This much should suffice to run the LKB, but the installer also suggests that you set up emacs, the standard editor, for use with the LKB. Integration of the LKB and emacs will simplify starting the LKB and makes available some improved editing functionality for LKB grammars. Following the instructions provided by the installer, use an editor to open the file ~/.emacs from your home directory and paste the block of lines suggested by the installer into this file, e.g.
(let ((root (or (getenv "DELPHINHOME") "/home/oe/delphin"))) (if (file-exists-p (format "%s/lkb/etc/dot.emacs" root)) (load (format "%s/lkb/etc/dot.emacs" root) nil t t)))
Save the file, then exit the editor and start a fresh emacs for the changes to take effect. Assuming there were no further error messages, the following command in emacs will start the LKB:
M-x lkb RET
where M-x means pressing the Alt and x keys simultaneously, and RET means pressing the Enter key (Return on some keyboards). A new window named LKB Top should pop up. Hooray!
Those who prefer running the LKB without emacs, the LKB can be started from a Unix command shell by executing the file lkb in a platform-specific sub-directory of the DELPHINHOME tree, e.g. (for 32-bit Linux on x86):
In Windows, you can launch the LKB by locating the file lkb.exe (which resides in $DELPHINHOME/lkb/windows) and double-clicking on it.
Which Version to Use: Stable vs. Latest
The LKB system is constantly evolving. On-going development adds new features and makes bug fixes as problems are discovered. Aiming to (i) make both the latest functionality and fixes available to all users and (ii) guarantee a functional baseline system at all times, the LKB developers team maintains the system in two versions, stable and latest. The stable version, usually, has been more thoroughly tested than later code snapshots but may lack newer functionality or support for recent versions of some operating systems (notably Linux). The current LKB stable release was frozen in November 2002 and will likely not work on recent Linux distributions; this version of the LKB is available for download from http://lingo.delph-in.net/stable/. Also available from the download site are regular code snapshots of the current head revision in the LKB source code repository (versioned according to build dates); the most recent snapshot of these (from October 2014 or later) can be retrieved from http://lingo.delph-in.net/latest/. While the LKB team is preparing an updated stable release, right now, we recommend that all new users consider using the latest version. The automated installer by default picks the latest snapshot, thus can be run repeatedly to obtain updates.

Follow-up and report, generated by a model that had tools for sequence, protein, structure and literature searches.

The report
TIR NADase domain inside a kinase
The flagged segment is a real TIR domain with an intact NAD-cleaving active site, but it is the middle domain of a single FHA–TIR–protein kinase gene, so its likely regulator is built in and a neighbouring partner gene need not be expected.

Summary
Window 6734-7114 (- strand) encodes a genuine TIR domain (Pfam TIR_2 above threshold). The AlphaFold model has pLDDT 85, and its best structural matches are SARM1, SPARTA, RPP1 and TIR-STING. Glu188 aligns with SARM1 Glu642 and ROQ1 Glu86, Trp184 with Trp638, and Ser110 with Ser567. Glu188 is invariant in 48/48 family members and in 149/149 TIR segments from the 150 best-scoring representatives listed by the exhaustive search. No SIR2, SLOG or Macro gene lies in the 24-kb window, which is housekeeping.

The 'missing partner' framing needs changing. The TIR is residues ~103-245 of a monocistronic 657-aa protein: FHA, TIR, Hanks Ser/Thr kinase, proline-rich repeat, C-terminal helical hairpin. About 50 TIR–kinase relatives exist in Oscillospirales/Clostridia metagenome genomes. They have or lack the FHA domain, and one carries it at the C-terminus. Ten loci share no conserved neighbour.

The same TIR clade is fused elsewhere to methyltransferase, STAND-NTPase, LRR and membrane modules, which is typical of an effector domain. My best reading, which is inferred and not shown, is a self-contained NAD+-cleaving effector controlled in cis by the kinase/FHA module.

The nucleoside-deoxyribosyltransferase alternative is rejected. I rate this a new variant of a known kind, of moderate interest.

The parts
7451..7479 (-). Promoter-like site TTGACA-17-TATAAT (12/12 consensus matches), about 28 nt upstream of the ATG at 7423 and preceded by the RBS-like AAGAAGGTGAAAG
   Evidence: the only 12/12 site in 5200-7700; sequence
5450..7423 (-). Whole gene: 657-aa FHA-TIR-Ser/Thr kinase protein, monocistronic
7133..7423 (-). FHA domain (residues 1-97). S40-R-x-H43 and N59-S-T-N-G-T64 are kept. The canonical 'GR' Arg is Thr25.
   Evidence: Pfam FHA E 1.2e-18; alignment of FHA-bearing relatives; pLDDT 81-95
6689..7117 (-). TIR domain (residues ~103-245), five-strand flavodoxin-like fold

Note that there will not always be a Windows or macOS binary for the latest release, and that you may have to work backwards to find it.
For users who cannot use the automated installer for some reason, the following is a step-by-step account of what needs to be done for a full LKB installation.
- Check the supported platforms and decide on which version to install;
Check system requirements and third-party software (e.g. OpenMotif on Linux);
- Create a top-level directory to hold the DELPH-IN software and resources;
- Create a directory for the LKB to create temporary files;
- Download the appropriate selection of archive files and unpack each;
Add LKB-specific settings to your shell and emacs start-up files.
For the following, we will refer to the top-level directory as DELPHINHOME. Good choices for this directory could be c:\delphin\ in Windows, ~/delphin/ on Unix systems, or ~/Documents/delphin/ on macOS. Decide on where you want your DELPH-IN files and make sure the target directory exists (and is writable to you). Also, for successful operation, the LKB will need a writable directory to store its temporary files. In Windows, make sure that the environment variable TEMP (or TMP) points to a valid and writable directory, or create a new directory c:\tmp. For Unix, make sure a directory called ~/tmp/ exists in your home directory (or ~/Documents/tmp/ on the macOS).
Next, download the archive lkb_data.tgz plus either (i) a binary archive for your hardware (e.g. lkb_windows.zip or lkb_linux.x86.32.tgz) or (ii) the LKB source code as lkb_source.tgz. Getting all three is fine too, of course. Unpack all archives into the DELPHINHOME, e.g. using a tool like PowerArchiver or WinZip on Windows, or the Unix gzip and tar shell commands (which are also included in the free CygWin package for Windows), e.g.